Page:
Cymric cat and kittens breed review
Cymric cats are very similar to Manx cats, so much so that until the 1970s, the breed was widely recognised as Longhaired Manx.
The name arises from Cymru – which is Welsh for Wales – but the species’ bloodline originated in the Isle of Man.
Size and appearance
Cymric cats are medium to large animals they weigh between 3kg and 5kg. They are compact and sturdy-looking, with a rounded appearance, which is emphasised by the long hair.
Generally, Cymric cat tails appear in four variations. Some are born with no tails, but have a dimple at the base of the spine, known as “the rumpy”.
Some kittens are born with a short knob of a tail and these are called “rumpy-risers”.
Some have a short tail, about a third of a normal tail length and these are known as “stumpies”, while some Cymrics are born with normal, full-length tails.
In cat shows, the rumpy is commonly the most valued.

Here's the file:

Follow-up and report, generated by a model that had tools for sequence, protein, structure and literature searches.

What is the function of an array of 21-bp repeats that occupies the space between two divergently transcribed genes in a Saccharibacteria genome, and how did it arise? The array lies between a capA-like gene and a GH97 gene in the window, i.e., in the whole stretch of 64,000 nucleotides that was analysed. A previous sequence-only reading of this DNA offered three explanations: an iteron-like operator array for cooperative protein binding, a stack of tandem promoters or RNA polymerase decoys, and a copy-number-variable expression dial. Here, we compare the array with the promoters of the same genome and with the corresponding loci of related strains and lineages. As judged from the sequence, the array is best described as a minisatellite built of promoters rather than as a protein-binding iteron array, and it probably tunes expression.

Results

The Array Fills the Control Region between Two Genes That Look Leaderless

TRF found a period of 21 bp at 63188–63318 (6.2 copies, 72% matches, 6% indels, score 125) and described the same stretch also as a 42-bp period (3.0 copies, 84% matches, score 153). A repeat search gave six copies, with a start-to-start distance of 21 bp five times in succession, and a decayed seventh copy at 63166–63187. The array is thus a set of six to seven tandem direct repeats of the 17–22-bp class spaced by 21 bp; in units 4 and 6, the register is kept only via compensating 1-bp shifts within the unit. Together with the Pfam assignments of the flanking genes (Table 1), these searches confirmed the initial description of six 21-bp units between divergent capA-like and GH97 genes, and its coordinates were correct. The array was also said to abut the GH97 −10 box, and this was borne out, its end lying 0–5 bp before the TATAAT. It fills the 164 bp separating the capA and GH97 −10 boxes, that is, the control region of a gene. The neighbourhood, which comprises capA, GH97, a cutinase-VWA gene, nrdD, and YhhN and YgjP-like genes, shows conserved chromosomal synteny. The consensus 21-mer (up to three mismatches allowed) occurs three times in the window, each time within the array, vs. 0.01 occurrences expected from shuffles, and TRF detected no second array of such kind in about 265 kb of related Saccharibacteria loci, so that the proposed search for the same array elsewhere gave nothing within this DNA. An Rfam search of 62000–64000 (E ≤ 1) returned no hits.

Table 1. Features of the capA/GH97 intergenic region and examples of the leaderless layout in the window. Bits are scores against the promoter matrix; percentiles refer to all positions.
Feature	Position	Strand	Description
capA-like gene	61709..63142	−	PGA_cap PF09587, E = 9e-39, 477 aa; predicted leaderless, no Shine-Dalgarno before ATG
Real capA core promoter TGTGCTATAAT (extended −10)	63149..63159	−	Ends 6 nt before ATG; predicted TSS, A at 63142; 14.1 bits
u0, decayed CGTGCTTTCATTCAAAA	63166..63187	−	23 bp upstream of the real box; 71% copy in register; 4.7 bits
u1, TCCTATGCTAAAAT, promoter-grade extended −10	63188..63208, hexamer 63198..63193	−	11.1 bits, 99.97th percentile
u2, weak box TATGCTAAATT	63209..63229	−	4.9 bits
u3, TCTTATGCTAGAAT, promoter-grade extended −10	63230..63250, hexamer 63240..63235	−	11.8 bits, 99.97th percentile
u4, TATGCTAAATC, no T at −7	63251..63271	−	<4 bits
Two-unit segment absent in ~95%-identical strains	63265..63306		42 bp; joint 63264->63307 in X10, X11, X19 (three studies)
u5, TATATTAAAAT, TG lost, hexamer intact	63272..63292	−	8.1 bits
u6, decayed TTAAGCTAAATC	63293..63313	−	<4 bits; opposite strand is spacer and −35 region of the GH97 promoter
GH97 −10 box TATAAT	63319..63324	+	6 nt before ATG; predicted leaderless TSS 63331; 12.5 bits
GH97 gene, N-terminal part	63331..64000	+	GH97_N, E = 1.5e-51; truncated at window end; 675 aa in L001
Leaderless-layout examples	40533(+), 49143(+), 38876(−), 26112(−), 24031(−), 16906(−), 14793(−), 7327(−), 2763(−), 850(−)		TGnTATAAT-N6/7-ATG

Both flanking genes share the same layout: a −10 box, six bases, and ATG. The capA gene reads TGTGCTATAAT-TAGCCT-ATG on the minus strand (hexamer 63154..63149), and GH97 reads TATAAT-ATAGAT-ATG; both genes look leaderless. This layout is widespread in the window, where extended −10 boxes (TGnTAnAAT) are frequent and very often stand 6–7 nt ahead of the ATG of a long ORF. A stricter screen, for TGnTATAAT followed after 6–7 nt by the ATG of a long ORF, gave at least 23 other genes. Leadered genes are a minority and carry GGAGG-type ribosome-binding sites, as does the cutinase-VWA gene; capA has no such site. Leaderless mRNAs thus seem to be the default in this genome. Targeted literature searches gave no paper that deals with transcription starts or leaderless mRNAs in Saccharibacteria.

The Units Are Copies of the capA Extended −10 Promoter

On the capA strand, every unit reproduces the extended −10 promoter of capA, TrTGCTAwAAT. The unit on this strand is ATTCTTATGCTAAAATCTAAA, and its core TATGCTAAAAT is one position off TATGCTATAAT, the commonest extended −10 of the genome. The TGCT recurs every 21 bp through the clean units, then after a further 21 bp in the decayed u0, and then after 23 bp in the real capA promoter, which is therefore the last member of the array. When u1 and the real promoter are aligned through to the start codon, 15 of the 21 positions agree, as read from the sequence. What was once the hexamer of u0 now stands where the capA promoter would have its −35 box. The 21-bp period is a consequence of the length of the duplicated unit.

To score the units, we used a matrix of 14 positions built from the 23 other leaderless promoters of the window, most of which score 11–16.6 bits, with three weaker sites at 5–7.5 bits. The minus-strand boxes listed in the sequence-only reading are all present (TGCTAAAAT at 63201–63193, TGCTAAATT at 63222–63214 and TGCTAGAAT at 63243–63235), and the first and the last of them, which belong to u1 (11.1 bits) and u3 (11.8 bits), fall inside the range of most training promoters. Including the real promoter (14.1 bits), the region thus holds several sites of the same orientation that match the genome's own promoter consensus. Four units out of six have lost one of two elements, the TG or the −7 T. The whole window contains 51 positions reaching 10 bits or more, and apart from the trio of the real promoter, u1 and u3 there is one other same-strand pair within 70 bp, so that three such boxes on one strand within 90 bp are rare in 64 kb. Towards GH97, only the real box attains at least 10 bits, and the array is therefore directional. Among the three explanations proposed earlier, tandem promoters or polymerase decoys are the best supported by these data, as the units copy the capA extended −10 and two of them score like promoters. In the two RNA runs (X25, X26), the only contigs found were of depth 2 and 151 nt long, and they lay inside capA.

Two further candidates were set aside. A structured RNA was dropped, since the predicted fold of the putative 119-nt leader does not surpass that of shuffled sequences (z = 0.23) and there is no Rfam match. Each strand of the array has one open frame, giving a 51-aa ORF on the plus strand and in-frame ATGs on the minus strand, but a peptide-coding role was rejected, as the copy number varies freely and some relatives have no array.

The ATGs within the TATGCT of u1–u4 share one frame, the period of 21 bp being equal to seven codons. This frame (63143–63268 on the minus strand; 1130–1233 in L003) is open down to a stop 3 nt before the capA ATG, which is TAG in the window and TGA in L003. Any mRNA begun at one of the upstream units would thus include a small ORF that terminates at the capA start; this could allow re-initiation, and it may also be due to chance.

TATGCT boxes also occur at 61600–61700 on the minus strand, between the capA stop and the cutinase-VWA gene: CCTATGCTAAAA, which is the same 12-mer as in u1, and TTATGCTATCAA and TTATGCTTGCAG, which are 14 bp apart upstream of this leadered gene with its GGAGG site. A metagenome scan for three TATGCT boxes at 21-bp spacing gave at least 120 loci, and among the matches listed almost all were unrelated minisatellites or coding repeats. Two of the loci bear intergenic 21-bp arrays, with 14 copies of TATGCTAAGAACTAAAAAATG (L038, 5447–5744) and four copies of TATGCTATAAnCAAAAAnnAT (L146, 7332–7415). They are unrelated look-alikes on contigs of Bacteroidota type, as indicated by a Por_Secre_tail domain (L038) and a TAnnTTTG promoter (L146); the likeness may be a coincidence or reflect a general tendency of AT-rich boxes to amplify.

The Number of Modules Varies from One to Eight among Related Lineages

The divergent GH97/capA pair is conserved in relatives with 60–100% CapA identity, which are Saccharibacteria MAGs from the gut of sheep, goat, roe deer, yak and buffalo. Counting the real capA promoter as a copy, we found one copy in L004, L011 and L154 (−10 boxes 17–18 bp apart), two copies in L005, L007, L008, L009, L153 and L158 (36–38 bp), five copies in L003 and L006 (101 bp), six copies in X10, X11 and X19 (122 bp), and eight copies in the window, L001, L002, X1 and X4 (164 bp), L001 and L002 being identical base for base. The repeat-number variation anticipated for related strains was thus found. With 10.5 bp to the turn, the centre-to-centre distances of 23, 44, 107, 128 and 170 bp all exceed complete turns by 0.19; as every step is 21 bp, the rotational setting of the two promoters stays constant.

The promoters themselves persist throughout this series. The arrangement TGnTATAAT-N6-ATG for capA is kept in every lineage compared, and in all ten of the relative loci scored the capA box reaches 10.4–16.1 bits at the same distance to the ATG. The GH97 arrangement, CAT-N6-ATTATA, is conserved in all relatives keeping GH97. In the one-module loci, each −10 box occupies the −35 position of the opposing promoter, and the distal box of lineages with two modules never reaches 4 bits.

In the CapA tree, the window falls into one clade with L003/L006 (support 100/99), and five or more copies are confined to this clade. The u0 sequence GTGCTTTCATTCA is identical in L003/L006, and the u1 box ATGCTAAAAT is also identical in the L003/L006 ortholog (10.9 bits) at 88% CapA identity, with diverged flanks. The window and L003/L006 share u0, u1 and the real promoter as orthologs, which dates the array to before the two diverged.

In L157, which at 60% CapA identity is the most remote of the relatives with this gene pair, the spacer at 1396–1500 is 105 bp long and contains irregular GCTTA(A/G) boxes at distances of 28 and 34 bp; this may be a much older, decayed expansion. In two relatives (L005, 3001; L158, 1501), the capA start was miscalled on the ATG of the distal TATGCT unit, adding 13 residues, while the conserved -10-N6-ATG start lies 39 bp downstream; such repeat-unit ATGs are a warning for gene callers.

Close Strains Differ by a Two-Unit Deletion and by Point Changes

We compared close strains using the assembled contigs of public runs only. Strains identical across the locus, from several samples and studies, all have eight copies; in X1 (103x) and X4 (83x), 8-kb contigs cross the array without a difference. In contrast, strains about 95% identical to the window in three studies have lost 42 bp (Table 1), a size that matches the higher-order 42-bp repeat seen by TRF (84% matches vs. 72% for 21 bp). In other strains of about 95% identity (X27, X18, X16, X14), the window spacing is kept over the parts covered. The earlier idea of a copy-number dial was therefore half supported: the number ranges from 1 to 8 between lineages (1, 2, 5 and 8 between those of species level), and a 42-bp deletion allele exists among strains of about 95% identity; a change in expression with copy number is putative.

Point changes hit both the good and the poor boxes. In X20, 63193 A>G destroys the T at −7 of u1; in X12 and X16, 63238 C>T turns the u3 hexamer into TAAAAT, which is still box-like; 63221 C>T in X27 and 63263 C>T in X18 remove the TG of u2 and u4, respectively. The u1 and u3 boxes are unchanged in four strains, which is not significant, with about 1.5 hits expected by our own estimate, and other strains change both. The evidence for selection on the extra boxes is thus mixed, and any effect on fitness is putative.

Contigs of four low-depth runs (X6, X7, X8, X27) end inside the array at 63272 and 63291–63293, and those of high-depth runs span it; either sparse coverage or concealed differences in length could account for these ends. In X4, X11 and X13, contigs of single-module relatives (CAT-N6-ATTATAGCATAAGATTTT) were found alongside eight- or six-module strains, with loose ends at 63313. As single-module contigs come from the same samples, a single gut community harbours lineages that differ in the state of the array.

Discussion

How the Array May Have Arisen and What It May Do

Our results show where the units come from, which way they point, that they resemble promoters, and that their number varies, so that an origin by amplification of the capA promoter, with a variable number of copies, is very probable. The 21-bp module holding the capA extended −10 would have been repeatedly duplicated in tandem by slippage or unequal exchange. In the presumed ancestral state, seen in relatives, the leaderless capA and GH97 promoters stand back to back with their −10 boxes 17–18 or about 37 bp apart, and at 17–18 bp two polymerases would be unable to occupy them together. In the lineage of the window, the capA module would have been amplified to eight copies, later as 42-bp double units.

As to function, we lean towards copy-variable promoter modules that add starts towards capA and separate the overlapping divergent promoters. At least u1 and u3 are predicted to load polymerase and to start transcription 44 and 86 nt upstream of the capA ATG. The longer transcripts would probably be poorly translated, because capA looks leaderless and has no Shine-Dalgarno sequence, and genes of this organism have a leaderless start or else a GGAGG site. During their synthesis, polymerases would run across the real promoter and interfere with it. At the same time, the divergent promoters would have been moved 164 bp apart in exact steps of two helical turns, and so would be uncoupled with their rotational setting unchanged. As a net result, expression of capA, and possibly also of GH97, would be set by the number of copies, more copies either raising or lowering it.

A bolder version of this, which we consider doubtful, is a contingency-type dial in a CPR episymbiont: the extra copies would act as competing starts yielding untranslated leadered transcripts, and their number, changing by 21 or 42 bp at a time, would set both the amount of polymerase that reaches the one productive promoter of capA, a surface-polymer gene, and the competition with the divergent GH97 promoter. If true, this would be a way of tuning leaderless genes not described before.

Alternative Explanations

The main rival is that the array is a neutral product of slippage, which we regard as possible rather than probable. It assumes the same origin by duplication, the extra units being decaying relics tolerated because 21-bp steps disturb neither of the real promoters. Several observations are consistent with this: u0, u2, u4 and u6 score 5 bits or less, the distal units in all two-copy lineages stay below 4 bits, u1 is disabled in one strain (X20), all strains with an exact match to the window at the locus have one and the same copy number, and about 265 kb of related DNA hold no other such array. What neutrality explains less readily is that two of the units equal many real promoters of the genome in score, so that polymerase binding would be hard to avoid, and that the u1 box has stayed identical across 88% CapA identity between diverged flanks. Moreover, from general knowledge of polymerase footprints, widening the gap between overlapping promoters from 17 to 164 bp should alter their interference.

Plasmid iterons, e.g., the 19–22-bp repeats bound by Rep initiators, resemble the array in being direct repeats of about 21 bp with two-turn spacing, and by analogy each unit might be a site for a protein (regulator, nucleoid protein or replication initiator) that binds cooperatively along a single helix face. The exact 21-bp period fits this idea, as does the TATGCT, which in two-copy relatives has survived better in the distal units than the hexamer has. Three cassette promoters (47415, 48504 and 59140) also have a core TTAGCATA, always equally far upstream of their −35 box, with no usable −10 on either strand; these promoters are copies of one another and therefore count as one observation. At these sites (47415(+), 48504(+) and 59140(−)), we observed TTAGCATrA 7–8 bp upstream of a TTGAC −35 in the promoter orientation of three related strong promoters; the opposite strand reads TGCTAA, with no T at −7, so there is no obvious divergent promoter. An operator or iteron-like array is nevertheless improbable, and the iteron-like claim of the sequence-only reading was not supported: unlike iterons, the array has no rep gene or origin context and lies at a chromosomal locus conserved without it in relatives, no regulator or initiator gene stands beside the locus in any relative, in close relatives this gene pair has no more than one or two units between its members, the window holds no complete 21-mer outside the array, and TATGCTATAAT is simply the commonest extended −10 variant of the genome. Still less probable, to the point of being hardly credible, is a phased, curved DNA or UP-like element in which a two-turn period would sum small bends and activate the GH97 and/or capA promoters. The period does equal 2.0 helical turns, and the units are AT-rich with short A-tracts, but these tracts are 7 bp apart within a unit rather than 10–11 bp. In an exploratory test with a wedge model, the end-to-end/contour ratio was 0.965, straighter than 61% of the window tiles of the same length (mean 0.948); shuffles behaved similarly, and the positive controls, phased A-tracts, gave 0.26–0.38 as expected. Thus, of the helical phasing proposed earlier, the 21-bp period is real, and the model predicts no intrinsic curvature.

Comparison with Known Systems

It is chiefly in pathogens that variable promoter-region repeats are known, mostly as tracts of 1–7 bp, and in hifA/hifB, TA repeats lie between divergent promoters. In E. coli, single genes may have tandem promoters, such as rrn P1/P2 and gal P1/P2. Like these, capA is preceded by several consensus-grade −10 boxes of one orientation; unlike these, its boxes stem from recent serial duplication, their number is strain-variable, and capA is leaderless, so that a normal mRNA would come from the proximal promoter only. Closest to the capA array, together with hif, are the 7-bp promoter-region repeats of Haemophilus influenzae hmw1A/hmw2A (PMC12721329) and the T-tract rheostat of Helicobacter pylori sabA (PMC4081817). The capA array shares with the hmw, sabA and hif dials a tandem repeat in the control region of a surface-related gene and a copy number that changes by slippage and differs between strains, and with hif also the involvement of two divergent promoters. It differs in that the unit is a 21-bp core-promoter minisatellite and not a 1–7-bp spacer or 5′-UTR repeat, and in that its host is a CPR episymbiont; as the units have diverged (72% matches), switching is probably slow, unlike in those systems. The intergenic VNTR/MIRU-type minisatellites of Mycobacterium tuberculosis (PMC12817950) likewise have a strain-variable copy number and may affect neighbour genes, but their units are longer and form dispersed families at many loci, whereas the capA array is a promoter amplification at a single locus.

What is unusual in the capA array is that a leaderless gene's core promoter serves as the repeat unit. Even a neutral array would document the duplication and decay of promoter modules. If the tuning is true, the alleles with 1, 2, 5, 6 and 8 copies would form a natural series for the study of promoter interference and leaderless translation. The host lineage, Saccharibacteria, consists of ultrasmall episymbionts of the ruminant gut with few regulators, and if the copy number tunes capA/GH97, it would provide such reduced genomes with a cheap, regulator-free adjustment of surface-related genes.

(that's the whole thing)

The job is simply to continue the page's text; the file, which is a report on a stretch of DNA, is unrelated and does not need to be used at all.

Cymrics are playful but not overly demanding of attention.
The coat can be easily cared for with combing a couple of times each week.
Like most cats, Cymrics pride themselves on good hygiene so you will need to keep the litterbox spotlessly clean.
Cymrics should generally be regarded as indoor cats.
Temperament and behaviour
Cymrics get along well with other pets, including dogs. They are intelligent and love to play.
A very loyal cat, Cymrics love being around their owners and many enjoy being taught new tricks.
They are good jumpers and, like their Manx cousins, are fascinated by water.
Cymrics are generally healthy but some diseases have been found in the breed.
Cats with partial tails are susceptible to arthritis and Manx syndrome, which see problems with the spine, urinary tract defects and problems with digestion.
This is most common in rumpies and is usually apparent when the Cymric kitten is four to six months old.
The lifespan of a Cymric cat is between eight and 14 years.